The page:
Month: June 2013

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“Public Speaking Is a Really Good Idea:” Edward Nixon of Livewords

by Jess Taylor

“I kinda feel like I got a reading series the way someone would say, ‘Hey, Jess, I’m moving to Montreal. Will you take my cat?’” A seasoned promoter of the Toronto literary community, avid supporter of live readings, and host of Toronto’s Livewords, Edward Nixon recently gave me a run-down of Toronto’s diverse reading culture,

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P.S.: Priscila Uppal’s Sports Poems

by E. Martin Nolan

In my last post I intended to let the readers judge my judgments for themselves, but that breaks the Crier’s long-established rule that if one will talk about it, one must be about it. So a deeper look at Priscila Uppal’s sports poems is in order.

Before that,

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Sports Poems that Don’t Work: Richard Harrison and (Especially) Priscila Uppal Edition

by E. Martin Nolan

In “Writers and Sports,” Mordecai Richler sets the record straight: “North American literary men in general…have always been obsessed by sports.” And as Richler bears out, sports have long furnished the essayist with worthy material (and his inclusion of Joyce Carol Oates in this essay extends this beyond men).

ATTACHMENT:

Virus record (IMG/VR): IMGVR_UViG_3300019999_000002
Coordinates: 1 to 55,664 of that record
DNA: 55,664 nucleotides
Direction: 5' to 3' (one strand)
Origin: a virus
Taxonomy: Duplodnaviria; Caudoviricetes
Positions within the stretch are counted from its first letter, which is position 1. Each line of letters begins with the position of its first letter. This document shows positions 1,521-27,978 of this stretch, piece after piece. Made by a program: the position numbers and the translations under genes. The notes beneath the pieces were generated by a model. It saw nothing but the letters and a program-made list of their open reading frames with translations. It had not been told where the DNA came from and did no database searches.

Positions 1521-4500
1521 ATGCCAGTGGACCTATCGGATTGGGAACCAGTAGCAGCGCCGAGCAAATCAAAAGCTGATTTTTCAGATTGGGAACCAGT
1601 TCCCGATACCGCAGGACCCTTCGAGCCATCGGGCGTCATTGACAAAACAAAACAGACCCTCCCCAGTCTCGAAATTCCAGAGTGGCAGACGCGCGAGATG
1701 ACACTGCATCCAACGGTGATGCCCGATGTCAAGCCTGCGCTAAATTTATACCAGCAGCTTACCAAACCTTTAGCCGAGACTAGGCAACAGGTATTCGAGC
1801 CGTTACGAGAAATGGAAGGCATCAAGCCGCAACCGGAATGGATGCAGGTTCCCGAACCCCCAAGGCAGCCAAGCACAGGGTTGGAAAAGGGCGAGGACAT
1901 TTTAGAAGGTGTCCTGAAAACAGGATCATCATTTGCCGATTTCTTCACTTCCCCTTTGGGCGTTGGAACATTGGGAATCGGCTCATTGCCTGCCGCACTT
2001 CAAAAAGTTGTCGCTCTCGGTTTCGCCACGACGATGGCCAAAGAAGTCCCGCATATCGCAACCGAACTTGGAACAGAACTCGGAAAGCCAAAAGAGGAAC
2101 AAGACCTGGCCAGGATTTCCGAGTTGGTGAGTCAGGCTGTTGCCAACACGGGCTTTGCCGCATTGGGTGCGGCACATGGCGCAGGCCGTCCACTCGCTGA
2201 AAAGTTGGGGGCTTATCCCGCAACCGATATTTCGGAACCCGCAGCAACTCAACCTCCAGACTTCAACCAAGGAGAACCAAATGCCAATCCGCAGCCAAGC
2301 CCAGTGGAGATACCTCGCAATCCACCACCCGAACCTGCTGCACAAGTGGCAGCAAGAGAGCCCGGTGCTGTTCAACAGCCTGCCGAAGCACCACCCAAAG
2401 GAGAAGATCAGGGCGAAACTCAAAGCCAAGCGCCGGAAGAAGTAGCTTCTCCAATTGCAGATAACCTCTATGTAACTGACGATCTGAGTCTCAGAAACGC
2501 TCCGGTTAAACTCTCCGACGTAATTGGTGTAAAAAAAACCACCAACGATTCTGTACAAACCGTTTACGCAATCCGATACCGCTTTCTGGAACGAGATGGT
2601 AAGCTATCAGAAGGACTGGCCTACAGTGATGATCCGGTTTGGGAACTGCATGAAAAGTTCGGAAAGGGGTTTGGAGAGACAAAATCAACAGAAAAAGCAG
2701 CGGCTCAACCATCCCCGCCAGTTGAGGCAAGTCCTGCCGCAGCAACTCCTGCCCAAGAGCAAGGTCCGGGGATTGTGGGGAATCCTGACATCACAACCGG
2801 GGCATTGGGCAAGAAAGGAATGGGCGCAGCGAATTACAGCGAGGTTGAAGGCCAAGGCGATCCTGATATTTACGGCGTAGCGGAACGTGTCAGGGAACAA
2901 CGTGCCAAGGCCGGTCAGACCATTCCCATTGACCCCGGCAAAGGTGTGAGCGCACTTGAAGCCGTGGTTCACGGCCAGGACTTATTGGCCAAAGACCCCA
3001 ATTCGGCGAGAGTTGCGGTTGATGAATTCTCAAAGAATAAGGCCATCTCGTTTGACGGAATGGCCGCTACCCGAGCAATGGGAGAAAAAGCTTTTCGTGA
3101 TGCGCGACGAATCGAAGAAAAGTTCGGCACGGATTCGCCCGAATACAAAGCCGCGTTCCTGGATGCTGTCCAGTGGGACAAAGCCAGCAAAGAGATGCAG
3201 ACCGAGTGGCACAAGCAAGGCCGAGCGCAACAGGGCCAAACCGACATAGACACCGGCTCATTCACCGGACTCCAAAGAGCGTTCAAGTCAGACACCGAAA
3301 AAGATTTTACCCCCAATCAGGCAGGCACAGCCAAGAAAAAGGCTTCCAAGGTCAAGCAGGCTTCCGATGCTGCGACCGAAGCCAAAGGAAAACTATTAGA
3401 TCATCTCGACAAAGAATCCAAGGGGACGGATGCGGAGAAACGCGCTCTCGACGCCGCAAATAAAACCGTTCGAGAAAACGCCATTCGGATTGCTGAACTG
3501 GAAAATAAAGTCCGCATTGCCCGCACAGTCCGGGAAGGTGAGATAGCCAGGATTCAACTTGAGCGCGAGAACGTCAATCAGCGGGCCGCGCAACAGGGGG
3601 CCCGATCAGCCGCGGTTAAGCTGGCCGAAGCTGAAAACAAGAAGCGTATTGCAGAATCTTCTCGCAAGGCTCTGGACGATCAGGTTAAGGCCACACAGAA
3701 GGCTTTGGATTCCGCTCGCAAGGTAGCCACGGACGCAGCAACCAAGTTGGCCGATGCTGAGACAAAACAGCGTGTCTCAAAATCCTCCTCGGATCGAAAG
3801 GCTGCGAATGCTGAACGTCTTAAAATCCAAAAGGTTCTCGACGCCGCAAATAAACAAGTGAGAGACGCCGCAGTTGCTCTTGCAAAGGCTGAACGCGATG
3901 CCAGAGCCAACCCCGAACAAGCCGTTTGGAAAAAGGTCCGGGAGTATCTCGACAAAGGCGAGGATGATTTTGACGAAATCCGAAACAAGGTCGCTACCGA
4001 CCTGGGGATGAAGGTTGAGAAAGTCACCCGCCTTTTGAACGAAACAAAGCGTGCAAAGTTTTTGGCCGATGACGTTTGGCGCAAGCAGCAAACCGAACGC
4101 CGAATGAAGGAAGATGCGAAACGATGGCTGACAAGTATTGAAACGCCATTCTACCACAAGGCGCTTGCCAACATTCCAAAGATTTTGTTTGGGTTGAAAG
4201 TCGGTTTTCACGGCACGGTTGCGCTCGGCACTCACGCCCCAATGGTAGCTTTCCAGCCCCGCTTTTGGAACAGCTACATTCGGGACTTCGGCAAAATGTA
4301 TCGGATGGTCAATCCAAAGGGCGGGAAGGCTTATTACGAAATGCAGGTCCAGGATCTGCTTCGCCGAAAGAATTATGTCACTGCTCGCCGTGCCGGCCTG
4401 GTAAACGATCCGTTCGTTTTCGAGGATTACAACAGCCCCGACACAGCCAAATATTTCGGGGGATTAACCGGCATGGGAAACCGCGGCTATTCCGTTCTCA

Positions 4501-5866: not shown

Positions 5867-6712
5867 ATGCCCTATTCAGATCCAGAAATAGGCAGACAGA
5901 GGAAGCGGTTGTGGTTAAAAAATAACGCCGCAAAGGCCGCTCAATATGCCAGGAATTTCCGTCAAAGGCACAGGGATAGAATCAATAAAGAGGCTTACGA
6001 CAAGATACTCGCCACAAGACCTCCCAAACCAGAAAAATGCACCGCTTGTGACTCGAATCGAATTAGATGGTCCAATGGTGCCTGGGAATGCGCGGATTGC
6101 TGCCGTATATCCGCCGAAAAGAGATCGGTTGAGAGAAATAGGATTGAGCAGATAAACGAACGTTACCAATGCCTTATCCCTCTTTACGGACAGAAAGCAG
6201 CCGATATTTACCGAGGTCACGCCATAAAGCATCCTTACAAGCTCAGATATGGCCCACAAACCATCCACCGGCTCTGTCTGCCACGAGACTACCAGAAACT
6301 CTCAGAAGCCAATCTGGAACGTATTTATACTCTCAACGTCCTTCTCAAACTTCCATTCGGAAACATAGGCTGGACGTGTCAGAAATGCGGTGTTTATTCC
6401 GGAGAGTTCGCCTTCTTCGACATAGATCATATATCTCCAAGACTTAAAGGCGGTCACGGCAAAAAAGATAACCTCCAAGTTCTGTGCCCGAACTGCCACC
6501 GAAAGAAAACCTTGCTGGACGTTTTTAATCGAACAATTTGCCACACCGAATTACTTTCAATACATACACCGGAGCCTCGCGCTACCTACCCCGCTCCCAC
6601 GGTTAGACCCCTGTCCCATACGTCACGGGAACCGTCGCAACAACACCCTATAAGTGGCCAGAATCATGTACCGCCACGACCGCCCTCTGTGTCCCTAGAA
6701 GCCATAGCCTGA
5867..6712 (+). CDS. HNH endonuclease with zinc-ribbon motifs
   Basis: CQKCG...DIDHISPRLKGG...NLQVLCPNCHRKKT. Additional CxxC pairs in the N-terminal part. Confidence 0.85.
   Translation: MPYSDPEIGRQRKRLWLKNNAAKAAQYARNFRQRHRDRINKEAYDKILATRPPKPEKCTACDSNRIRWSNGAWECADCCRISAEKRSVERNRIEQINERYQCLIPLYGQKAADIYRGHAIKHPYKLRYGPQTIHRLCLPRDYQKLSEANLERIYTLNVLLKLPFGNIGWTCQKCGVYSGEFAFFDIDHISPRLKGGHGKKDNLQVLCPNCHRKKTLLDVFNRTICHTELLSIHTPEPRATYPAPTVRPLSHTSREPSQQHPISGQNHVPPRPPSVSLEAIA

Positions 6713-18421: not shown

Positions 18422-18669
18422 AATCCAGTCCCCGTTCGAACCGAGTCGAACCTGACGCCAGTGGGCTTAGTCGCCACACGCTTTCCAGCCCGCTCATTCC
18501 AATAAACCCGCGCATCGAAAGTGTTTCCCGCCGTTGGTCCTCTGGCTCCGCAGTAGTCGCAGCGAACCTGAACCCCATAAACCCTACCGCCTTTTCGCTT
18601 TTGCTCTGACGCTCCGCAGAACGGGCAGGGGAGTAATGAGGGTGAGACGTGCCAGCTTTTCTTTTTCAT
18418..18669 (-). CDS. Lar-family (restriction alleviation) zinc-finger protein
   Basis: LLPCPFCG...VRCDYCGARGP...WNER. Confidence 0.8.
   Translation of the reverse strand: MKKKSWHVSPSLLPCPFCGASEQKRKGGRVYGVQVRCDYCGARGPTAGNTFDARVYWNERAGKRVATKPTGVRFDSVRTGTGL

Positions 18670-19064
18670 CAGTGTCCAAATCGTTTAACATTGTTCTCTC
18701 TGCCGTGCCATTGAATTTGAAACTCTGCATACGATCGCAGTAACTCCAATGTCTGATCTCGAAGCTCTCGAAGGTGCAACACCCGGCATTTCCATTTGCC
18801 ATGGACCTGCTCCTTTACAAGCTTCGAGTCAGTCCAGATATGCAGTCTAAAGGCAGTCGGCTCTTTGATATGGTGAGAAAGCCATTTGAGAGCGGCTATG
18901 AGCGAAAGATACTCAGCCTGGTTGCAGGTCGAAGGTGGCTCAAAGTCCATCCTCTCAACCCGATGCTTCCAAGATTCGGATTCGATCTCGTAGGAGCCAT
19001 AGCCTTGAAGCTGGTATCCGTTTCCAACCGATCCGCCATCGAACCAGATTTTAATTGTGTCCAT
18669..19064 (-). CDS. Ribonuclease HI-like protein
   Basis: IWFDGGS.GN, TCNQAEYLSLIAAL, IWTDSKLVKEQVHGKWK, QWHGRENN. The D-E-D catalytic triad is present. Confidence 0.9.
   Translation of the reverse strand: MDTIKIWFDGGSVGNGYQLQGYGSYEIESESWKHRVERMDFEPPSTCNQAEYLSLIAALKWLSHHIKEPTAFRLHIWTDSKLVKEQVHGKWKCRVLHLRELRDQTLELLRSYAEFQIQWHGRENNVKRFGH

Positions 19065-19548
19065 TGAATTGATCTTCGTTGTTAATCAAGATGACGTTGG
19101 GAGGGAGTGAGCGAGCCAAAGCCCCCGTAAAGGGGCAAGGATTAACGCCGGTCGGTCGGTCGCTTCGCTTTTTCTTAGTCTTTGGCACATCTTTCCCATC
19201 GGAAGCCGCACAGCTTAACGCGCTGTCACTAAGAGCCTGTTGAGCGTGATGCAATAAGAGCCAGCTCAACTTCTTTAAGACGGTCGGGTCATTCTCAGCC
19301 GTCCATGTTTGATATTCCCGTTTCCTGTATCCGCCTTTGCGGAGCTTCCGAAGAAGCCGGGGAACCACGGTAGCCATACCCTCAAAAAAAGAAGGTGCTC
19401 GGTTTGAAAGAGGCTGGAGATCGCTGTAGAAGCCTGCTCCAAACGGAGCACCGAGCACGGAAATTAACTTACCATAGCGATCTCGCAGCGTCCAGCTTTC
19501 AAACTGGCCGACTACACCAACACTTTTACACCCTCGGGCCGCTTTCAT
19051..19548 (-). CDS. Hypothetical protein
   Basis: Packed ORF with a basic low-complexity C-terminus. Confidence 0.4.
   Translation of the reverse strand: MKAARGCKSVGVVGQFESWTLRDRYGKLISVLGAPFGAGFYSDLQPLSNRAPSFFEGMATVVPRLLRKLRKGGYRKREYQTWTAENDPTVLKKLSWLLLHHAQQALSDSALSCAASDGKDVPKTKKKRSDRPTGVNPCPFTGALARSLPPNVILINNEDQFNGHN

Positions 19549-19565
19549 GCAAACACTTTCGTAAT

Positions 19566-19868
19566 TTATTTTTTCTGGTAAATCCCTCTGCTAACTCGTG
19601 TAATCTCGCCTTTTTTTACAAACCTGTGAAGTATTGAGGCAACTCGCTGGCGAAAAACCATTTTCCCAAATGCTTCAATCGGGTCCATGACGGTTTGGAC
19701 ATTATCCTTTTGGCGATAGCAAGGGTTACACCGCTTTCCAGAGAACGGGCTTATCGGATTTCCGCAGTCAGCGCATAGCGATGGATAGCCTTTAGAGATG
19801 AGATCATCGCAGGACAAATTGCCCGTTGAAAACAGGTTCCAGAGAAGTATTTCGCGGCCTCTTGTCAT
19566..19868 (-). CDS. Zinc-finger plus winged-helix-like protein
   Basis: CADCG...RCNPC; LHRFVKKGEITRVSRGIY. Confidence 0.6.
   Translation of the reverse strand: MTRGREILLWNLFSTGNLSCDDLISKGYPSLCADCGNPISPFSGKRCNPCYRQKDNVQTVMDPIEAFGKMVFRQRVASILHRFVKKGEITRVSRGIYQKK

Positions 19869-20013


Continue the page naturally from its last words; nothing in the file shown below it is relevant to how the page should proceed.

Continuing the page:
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Others Have Blossomed: Eliza Griswold’s Introduction to Landays

by Phoebe Wang

Western poets have been aware of the ghazal’s couplet-like form for decades. But there is less familiarity with landays, a form of oral folk couplet shared amongst speakers of Pashtun. That may soon change with the Poetry Foundation’s June issue, which is entirely devoted to the form.

In the accompanying Poetry Magazine podcast,

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Embracing the Blatantly Poetic: Peter Norman Edition

by E. Martin Nolan

Stuart Cole, of The Urge, has claimed Peter Norman possesses a “peculiar mastery” and that, formally, he “seems capable of writing anything he wants.” I have nothing to add to Cole’s typically astute, honest and accurate account of Norman’s poetry. (You should read his reviews).

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Upcoming Toronto Readings: A Puritan Guide

by The Puritan Editors

Ho, boy. A cluster of late Spring, early Summer literary activity in the Big Smoke. Allow The Puritan to be your guide over the next few weeks of launches, readings, and general shindiggery.

First up: former Puritan Associate Editor Andrew MacDonald will be giving a reading at the Taddle Creek Summer Launch on Friday,

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Embracing the Blatantly Poetic: Lisa Pasold Edition

by E. Martin Nolan

It’s not hard to place Lisa Pasold’s Any Bright Horse within certain prevalent trends in recent poetry. The book props up bits of linearity, then lightly abandons them and convolutes them with one another. In the same way it tries on verse shapes and forms. That latter trait is possible because Pasold’s forms denote more a way of thinking,

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Toronto Reading Series: Exploring a Rich Ecosystem of Literary Performance

by Jess Taylor

[Editor’s Note: this a post about Toronto reading series, so a reminder: Pivot enters it’s final month with an excellent lineup tonight, so check that out, and on Thursday, Coach House celebrates the launch of a new book by their “patron saint,” bpNichol. True to the author it’s celebrating,